web analytics
April 26, 2015 / 7 Iyar, 5775
At a Glance
Judaism
Sponsored Post


The Master Plan: Scripted To Perfection

Lessons-Emunah-logo

Please do not tell my husband – but even he is not perfect. He certainly has many wonderful qualities. He is a well-liked, sought-after and highly respected rabbi and educator. And he’s definitely a mensch. Our youngest son even refers to him as “awesome.” But perfect? To the best of my knowledge, there is only One who is perfect. And, frankly, we mere humans need not apply.

The area in which my husband’s lack of perfection is most apparent is his faulty memory. This is not a case of memory lapses or senior moments associated with approaching middle age. In his case, it is part and parcel of his persona. Sometimes I find it frustrating, even exasperating. Other times, I think it is amusing – if not downright hysterical.

As I have written repeatedly, I consider myself very fortunate to live in the Holy Land. To compound my good fortune I reside in a lovely neighborhood, where my family and I feel very much at home. And to further illustrate my mazel, I am blessed with numerous opportunities to hear shiurim and participate in enriching activities throughout the community.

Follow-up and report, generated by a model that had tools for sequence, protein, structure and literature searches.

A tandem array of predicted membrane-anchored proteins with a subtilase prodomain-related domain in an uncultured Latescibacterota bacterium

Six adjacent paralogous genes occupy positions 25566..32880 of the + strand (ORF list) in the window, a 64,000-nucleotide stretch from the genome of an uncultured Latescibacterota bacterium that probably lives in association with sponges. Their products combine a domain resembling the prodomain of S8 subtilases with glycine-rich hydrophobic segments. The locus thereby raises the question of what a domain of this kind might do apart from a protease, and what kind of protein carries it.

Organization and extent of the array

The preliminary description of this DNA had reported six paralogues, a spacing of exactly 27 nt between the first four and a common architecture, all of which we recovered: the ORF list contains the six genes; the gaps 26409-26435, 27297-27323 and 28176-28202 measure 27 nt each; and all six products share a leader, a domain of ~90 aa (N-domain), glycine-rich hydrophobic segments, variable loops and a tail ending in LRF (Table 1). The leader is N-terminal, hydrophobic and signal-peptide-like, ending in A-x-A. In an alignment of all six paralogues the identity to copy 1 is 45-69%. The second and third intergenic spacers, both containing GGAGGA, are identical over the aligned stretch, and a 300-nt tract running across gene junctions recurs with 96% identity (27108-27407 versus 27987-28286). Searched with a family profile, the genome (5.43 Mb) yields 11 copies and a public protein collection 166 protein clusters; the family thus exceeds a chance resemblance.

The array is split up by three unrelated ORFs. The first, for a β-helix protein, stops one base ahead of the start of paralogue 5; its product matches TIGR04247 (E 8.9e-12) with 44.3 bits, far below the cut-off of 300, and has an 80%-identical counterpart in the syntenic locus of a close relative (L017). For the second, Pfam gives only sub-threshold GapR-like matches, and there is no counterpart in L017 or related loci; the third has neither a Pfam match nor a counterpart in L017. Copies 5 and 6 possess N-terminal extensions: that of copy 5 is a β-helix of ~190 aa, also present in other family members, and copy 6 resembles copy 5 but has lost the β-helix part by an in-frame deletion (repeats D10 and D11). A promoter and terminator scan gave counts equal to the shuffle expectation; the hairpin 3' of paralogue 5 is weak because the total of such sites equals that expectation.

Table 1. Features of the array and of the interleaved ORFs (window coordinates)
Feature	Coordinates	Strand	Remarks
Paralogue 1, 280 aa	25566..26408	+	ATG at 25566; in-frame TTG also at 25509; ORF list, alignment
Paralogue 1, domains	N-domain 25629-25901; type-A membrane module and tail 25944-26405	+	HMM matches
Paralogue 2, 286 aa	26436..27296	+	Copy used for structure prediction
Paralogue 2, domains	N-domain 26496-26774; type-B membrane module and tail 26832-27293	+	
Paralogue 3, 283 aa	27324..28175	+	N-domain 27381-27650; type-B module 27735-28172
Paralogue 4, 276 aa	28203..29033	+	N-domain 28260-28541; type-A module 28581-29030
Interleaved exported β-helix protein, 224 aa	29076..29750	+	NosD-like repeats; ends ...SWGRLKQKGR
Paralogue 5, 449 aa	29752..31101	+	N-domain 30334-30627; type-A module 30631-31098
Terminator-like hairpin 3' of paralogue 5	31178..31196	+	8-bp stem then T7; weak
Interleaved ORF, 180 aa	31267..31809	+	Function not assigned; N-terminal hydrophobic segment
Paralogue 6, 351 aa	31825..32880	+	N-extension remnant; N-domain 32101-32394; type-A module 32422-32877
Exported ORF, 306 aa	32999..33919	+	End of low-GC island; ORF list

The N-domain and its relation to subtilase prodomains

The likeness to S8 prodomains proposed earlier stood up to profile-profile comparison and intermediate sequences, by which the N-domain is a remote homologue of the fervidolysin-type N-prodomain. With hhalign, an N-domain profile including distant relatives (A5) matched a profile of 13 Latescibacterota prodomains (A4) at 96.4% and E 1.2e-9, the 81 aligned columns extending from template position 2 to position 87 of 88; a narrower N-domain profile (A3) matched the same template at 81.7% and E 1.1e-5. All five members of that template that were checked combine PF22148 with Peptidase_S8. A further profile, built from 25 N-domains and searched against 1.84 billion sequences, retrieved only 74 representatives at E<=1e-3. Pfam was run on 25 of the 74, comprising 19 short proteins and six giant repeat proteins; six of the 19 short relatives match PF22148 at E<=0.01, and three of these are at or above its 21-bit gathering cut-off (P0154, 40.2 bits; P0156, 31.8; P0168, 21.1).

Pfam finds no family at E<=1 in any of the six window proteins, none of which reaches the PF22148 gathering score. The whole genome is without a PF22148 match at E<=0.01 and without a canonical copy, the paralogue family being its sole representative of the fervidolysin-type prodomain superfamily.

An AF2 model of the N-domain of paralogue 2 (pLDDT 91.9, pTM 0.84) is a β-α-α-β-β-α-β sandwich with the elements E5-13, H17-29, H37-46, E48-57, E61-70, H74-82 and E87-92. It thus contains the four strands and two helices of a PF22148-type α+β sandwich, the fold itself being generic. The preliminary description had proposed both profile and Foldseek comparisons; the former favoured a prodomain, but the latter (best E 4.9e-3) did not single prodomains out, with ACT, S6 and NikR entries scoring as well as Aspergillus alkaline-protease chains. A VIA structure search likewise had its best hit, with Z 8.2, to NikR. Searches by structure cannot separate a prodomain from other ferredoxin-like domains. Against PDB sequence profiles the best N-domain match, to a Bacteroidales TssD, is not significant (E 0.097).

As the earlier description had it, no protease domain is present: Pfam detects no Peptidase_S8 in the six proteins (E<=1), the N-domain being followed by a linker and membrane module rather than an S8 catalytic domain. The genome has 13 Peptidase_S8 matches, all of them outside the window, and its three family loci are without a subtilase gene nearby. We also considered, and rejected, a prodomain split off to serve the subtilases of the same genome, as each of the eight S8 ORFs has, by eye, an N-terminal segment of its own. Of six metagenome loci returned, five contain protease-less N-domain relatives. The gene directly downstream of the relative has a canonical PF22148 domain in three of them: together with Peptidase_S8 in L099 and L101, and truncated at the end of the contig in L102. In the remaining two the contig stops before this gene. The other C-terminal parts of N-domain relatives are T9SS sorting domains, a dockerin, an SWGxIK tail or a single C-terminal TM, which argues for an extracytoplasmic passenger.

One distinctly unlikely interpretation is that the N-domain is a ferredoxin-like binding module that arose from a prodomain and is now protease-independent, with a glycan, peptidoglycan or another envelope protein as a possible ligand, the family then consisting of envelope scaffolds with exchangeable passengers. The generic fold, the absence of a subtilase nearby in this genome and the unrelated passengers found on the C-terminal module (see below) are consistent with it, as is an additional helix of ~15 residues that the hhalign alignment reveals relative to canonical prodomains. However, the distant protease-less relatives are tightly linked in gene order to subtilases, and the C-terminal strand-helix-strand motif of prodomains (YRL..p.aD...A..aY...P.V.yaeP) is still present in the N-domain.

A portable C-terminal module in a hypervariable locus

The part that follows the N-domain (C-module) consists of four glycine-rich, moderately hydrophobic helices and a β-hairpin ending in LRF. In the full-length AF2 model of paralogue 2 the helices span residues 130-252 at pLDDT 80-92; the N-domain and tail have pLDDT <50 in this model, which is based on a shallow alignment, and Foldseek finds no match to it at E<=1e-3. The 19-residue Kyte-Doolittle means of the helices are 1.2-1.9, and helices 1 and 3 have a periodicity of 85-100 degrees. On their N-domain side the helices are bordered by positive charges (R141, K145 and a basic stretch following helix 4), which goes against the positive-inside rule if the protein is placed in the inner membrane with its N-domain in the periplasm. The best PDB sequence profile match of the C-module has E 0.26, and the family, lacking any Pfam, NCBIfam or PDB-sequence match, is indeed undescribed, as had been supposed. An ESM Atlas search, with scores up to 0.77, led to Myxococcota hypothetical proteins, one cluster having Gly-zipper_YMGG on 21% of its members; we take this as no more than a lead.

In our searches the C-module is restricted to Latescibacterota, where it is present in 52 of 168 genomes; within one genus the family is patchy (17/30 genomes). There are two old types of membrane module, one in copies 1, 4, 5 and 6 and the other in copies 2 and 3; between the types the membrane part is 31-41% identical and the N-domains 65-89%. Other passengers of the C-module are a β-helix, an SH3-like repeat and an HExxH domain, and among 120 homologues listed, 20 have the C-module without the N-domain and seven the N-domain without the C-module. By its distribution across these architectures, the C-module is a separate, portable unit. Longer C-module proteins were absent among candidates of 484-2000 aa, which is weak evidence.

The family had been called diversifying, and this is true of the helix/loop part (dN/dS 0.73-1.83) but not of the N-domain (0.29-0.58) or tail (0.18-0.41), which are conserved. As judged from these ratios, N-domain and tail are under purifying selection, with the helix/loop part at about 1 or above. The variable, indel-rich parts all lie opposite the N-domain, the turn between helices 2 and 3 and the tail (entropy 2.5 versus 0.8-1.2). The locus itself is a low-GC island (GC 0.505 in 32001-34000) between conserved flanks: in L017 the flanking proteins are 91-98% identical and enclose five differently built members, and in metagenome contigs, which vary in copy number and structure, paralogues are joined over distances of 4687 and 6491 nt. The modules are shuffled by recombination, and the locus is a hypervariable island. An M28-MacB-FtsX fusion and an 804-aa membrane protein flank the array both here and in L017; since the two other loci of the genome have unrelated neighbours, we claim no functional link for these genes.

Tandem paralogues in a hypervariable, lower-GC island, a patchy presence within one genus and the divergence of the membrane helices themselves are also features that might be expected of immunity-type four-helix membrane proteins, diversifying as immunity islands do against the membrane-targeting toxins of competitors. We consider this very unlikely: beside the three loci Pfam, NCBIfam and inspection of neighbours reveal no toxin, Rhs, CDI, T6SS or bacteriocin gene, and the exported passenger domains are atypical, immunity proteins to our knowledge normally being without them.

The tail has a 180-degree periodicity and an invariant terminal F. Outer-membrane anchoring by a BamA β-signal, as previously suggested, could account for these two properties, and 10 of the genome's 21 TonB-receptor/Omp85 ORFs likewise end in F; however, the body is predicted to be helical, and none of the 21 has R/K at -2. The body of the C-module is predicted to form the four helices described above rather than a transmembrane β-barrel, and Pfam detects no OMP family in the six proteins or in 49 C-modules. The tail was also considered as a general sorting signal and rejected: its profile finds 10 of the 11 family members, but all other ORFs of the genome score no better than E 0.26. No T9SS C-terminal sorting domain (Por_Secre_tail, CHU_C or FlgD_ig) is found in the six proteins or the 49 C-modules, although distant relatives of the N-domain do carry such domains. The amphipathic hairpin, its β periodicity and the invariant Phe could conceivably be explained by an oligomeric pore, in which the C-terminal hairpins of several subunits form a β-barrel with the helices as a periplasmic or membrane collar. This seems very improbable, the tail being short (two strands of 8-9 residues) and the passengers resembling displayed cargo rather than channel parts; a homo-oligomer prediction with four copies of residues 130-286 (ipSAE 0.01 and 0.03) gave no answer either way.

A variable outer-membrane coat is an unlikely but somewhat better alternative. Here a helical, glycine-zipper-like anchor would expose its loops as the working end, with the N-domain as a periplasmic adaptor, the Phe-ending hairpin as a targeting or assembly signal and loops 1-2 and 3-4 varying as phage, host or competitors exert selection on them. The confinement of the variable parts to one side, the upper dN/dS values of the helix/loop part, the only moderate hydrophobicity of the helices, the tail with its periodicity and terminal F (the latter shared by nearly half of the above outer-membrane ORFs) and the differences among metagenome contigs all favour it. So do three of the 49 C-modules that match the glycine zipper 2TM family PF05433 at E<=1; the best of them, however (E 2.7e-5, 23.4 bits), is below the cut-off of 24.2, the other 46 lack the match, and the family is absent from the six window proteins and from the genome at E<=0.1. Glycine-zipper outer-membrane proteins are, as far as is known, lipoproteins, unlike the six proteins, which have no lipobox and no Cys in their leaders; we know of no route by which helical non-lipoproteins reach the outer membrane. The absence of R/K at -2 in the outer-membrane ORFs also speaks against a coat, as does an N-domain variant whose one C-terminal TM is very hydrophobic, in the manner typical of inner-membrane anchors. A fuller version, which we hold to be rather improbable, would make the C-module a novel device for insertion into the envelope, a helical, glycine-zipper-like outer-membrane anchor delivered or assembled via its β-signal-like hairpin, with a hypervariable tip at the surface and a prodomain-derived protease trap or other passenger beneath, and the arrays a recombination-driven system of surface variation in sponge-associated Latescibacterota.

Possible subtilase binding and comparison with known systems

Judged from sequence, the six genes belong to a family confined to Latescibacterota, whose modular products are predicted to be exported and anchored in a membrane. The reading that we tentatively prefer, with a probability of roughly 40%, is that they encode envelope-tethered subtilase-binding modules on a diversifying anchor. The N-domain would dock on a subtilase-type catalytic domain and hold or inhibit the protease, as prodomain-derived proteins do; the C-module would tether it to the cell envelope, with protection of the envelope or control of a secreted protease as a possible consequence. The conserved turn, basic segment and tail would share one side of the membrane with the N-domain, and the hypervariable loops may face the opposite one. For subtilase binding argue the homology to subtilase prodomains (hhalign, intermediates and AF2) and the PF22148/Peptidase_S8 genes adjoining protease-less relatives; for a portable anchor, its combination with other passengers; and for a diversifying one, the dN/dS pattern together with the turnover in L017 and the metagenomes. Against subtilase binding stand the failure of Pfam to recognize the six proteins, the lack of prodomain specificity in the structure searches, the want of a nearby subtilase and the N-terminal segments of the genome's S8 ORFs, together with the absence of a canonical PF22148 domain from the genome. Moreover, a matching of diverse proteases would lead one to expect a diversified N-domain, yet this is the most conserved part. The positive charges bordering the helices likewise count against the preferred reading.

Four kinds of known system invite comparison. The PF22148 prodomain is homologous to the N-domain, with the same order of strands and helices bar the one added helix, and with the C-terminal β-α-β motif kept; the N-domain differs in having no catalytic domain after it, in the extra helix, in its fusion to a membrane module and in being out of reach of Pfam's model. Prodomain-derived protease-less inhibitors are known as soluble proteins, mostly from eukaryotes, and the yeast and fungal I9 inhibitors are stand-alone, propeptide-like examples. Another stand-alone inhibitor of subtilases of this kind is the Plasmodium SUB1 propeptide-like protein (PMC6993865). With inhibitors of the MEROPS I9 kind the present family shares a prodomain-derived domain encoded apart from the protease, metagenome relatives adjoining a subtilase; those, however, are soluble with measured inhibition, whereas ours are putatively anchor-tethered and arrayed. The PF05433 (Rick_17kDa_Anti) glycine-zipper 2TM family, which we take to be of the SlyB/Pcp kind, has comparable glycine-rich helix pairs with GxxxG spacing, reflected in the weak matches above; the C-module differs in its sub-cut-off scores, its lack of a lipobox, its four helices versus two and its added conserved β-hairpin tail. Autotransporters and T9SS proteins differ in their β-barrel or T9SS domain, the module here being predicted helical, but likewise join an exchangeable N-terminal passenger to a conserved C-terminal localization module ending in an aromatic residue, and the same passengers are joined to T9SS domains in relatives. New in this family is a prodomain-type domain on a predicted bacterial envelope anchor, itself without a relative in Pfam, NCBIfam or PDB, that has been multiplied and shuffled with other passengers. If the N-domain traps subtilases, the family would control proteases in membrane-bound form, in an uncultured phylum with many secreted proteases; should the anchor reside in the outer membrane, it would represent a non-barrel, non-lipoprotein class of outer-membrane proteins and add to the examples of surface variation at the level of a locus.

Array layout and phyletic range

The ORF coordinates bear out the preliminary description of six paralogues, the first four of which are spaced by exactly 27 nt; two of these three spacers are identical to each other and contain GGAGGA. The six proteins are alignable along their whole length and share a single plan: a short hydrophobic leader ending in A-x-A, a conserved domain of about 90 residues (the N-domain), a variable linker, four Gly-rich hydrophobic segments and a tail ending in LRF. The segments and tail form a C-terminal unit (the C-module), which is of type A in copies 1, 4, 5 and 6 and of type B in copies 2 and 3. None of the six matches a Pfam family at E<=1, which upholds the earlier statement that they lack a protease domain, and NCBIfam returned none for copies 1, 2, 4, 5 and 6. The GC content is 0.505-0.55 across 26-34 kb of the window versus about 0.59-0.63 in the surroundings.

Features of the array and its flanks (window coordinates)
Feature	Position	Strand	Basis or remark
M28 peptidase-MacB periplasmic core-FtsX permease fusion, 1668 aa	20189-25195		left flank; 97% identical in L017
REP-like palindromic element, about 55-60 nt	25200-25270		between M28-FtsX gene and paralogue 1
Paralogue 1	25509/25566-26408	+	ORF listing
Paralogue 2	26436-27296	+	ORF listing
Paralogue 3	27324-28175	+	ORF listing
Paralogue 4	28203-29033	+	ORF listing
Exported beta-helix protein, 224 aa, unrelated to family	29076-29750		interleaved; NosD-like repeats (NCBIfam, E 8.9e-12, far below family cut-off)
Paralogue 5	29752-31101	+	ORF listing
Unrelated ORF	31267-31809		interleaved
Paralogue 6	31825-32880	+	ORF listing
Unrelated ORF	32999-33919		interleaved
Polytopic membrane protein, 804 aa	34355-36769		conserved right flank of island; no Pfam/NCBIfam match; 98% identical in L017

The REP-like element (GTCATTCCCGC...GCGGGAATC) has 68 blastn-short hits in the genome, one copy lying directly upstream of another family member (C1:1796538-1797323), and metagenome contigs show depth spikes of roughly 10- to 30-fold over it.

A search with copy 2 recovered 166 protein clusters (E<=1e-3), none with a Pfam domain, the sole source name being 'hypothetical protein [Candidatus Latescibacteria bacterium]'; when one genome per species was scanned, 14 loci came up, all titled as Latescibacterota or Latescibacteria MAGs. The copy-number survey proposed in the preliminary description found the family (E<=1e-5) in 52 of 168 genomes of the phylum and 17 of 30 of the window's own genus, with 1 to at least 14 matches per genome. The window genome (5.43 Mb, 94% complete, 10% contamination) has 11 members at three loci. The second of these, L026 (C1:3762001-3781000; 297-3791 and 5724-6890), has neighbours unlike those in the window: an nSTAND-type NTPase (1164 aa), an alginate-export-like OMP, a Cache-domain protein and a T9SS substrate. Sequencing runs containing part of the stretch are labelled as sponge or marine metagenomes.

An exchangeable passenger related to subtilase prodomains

I am privileged to attend a Rosh Chodesh shiur, hosted by a neighbor, that takes place practically next door to me. Unless I have a family simcha or an unbreakable commitment elsewhere, I happily attend that shiur every month.

Our highly motivated and organized hostess devotes much time and effort toward the recruitment of excellent speakers, and a respectable number of women attend each class.

Every few months, my neighbor asks my husband to present the lecture. She generally makes her request by e-mailing me as to my husband’s availability on one of two evenings, and what the shiur’s topic will be. After receiving an affirmative reply, she prepares a flyer containing the pertinent details and e-mails it to all potential participants.

After a few false starts, she asks my better half to deliver a Tuesday or Wednesday evening Rosh Chodesh Nissan shiur. Predictably, my husband agrees and is fine with either night. But after reminding him that he steadily delivers a shiur in his shul on Tuesday nights, he chooses Wednesday, offering a topic related to the Four Sons of Haggadah fame. I e-mail the information to my friend, who sends her thanks and casually informs me that she will be away on vacation over the next few days.